Market dynamics. The organised exchange of exploits is growing in strength and has become lucrative with the open market helping to fuel this shift from exploitation to disruption and destruction. And as nefarious types have realised there is value to be gained, the work has become more standardised, mechanised and process driven. It’s even common practice now for hacker groups to follow software development processes, like QA testing or bench testing their products against security technologies before releasing them into the wild.
Stealthier attacks. There are now significant financial incentives for secrecy and many organisations motivated to launch attacks that result in economic or political gain, with little chance of retribution or prosecution. New methods to circumvent protection like port hopping, tunneling, droppers and botnets have made it easier, faster and cheaper for hackers to get in and increasingly difficult for defenders to see them and keep them out. Compounding the elusiveness, the attacks themselves can change rapidly as they progress through the enterprise seeking a persistent foothold and exfiltrating critical data.
So, how do we raise our game to defeat this new class of attackers? It’s no longer enough to focus solely on detection and blocking. When an attack does happen we need to be prepared to marginalise the impact of an attack and stop reinfection. This requires expanding our vigilance with an approach that enables visibility and control across the enterprise and along the full attack continuum.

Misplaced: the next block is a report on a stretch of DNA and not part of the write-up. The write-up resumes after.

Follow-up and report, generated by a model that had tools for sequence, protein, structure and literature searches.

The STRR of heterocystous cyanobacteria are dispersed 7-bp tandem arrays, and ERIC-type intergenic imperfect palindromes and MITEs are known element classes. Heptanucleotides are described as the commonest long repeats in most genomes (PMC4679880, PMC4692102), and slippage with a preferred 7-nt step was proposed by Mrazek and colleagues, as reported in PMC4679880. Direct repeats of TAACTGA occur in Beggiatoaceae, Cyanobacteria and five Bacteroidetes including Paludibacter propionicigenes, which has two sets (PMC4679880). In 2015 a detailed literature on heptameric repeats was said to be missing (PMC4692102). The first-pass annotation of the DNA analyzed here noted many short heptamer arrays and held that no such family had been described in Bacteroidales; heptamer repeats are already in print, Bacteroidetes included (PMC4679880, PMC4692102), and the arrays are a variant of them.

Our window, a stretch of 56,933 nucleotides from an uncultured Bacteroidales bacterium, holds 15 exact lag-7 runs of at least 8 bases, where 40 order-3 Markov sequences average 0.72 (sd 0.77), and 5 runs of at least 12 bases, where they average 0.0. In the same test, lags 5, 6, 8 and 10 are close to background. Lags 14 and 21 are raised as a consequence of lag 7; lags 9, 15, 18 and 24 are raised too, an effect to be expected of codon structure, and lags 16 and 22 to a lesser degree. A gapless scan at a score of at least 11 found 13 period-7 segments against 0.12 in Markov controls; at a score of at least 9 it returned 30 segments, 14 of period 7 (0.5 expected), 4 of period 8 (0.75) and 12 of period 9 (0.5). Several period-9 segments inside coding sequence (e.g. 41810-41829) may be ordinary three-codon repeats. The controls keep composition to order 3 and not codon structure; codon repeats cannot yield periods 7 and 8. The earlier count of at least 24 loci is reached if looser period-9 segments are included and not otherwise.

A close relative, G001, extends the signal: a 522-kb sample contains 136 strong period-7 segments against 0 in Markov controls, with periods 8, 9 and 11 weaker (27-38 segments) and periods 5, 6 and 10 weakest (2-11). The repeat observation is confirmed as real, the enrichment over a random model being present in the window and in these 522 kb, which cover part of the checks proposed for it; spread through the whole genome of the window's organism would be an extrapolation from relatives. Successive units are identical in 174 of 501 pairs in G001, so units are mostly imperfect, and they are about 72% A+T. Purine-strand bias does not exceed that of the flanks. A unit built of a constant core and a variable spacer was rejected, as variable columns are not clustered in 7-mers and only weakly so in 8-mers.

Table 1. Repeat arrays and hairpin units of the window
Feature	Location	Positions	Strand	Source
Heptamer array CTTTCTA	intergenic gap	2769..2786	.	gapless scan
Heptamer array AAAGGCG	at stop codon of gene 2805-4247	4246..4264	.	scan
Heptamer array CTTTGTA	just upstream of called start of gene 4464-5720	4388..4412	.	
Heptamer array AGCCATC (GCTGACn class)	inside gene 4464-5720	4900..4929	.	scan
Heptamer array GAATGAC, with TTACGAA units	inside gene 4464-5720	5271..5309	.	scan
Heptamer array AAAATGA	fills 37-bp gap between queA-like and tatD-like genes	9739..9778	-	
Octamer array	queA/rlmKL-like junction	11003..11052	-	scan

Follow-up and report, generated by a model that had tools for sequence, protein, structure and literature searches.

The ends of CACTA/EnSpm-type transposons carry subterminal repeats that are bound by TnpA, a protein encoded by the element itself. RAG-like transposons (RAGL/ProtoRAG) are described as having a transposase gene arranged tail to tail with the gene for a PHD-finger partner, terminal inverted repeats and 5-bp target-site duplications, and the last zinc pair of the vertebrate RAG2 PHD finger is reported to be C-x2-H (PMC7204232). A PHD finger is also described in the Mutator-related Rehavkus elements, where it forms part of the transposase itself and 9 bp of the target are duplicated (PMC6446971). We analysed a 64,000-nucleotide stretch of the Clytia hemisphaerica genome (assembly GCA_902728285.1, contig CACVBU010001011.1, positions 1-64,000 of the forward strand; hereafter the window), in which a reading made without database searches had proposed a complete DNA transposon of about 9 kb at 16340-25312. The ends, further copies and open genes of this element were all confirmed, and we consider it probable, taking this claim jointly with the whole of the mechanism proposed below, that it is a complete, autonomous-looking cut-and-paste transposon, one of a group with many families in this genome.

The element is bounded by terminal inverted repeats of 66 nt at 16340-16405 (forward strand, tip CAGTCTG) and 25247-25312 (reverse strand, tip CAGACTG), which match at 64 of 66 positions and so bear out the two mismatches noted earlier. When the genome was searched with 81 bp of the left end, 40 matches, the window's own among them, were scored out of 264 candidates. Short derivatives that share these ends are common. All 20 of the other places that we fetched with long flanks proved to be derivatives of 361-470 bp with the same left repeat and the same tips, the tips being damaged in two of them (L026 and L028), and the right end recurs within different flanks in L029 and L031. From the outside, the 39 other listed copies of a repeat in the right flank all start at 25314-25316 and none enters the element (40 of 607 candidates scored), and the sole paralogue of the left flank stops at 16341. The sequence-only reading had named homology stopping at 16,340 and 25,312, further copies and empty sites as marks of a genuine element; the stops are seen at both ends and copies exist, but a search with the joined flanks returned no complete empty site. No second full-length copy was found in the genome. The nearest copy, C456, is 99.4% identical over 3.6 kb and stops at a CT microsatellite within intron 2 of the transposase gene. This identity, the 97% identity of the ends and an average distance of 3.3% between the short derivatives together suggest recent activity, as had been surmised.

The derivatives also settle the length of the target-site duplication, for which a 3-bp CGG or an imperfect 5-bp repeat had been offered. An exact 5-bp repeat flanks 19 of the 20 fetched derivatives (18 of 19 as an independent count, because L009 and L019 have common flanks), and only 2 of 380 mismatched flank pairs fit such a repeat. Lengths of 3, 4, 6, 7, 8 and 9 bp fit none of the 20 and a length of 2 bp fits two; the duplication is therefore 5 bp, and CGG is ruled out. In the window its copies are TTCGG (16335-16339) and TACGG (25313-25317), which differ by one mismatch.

Below are five steps to consider as you evolve your security strategy:
1. Detect and block at the perimeter and inside the network
It’s good practice to handle threats as close to the perimeter as possible to prevent malware from entering the network and potentially infecting endpoint devices. Consider a network-based malware detection appliance that can identify and protect against malware without sacrificing performance. However, even the best detection and blocking only goes so far. Once advanced malware enters your network, assume it will attempt to infect other systems until reaching the ultimate target. It’s wise to also look for malware and other attacks on protected network segments housing sensitive technology assets.